A Suffragette in Spite of Himself
R: Ashley Miller. B: Bannister Merwin. D: Marc McDermott, Miriam Nesbitt, Ethel Browning. P: Edison Company. USA 1912
Filming Locations: London, England
“Edison’s 1912 comedy, A Suffragette in Spite of Himself, could possibly be interpreted as a pro-suffrage film, but it maintains a noncommittal comedic tone throughout. Filmed in London, the scene of some of the most notorious Votes for Women protests, the story follows a strongly anti-suffrage man who, as the result of a practical joke, finds himself treated as a militant suffragette. The main figures of fun here are not the suffragettes, but those who passionately hate them. But historian Shelley Stamp points out that the film ‘suggests that being a feminist in public is quite a different thing from being a man in public.'”
SF Silent Film Festival Blog
Milling the Militants: A Comical Absurdity
R: Percy Stow. P: Clarendon. UK 1913
Print: BFI National Archive
“A comedy commenting on the tactics of suffragettes and the action that some men would like to take against them. Mr Brown is left to look after the family while his wife takes part in a suffragette demonstration and militant action. He dreams that, as prime minister, he introduces legislation to suppress the suffragette movement and punishes them accordingly. In spite of it being a comedy the suffragette march looks particularly authentic with banners and onlookers. The tactics of the suffragettes such as smashing windows and arson are shown. From 1905 the suffragettes had become increasingly militant and the film reflects this militancy.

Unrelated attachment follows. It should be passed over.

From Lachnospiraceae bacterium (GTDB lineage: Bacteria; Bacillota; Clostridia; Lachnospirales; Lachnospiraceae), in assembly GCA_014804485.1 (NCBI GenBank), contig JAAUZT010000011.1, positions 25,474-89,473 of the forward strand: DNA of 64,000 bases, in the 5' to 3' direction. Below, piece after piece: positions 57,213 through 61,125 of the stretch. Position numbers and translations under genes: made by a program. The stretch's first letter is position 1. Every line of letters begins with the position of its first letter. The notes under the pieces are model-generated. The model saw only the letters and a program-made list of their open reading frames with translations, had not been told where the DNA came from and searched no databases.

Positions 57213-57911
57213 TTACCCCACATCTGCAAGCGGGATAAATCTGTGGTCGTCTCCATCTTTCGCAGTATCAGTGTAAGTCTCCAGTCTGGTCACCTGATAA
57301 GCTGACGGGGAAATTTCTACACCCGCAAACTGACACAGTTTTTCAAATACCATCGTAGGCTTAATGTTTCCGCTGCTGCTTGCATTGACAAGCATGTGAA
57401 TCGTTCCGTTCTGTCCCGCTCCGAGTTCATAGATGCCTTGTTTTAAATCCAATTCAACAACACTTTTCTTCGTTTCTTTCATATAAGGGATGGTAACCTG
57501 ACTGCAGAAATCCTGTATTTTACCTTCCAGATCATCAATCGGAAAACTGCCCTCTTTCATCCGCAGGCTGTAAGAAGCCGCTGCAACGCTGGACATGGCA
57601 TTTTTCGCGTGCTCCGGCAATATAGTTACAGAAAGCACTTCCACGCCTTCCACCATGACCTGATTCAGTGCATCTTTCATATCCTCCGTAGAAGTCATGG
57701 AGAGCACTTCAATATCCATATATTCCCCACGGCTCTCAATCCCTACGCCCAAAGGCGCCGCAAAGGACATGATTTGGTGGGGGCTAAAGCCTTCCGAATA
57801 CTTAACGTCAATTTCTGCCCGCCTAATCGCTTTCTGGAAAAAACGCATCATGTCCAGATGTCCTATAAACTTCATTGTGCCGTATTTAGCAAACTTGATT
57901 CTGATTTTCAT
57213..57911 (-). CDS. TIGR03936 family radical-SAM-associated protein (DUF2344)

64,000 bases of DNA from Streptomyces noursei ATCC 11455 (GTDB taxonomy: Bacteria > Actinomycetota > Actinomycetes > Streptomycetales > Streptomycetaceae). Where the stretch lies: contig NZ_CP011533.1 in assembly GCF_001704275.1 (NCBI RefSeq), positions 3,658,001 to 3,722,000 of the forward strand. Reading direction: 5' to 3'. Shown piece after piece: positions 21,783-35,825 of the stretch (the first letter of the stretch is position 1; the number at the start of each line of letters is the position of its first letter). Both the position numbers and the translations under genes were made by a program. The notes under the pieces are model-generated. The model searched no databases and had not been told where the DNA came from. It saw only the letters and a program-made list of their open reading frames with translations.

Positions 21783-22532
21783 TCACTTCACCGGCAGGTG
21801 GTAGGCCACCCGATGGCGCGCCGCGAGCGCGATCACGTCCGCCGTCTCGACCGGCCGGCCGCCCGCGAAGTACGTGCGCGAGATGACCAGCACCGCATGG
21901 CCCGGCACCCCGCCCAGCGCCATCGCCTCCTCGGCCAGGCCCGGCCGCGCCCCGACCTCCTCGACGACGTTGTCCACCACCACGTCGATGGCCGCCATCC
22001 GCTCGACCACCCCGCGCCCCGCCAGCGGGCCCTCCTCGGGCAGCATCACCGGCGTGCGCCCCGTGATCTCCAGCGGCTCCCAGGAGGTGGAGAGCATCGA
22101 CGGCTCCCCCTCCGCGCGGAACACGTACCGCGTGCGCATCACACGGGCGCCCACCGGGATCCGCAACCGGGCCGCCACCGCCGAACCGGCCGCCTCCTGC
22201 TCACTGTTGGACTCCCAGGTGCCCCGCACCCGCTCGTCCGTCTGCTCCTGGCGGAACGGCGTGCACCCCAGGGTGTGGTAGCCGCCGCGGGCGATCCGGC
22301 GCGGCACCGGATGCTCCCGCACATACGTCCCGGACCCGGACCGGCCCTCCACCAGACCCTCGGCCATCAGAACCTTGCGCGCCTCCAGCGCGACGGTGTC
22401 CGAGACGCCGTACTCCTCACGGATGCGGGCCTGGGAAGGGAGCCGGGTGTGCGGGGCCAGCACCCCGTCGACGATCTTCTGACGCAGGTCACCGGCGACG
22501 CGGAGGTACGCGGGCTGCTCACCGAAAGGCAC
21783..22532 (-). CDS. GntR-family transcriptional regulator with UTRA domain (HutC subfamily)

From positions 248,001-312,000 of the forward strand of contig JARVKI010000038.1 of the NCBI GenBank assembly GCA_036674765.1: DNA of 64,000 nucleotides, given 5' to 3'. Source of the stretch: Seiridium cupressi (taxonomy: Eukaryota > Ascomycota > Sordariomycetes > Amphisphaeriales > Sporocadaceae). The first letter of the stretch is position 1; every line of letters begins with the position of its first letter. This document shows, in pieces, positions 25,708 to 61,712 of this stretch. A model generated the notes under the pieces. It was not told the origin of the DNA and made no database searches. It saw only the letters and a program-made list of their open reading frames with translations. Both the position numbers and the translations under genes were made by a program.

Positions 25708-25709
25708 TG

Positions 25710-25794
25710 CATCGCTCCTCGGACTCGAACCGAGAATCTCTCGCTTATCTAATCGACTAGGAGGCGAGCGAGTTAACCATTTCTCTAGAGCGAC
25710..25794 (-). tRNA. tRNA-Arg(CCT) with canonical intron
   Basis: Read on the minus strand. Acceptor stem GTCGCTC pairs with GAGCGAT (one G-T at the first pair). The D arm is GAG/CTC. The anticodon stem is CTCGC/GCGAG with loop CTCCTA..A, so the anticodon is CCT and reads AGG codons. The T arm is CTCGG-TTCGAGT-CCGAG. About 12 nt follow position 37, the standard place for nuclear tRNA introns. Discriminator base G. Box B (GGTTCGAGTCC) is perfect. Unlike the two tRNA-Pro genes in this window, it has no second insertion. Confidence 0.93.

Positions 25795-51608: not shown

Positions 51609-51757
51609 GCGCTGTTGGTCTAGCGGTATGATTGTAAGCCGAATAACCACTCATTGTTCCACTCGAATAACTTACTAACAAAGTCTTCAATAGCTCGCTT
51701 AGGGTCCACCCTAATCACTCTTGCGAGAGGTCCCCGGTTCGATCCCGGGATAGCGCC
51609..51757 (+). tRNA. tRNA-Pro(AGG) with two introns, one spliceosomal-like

Initial viewing suggests that this is an anti-suffrage film. However, it can be viewed another way. Some of the punishments are decidedly medieval and exaggerated. The obvious discomfort of the women during their punishments could elicit sympathy from an audience. Furthermore, the ducking stool is associated with witchcraft and medieval punishment (as are the village stocks) and it could be argued that neither punishment had a place in a modern society. In spite of all his dreams of punishment, Mr Brown suffers when his wife returns as she awakens him with a bucket of cold water.”
A Lively Affair
R: Unknown. D: Mabel Van Buren, Lucie K. Villa. P: Unknown. USA 1912
This short film recently restored and included in the compilation “Treasures III: Social Issues in American Film, 1900-1934” has not been fully identified. Experts suggest that may be a Warner or Selig production.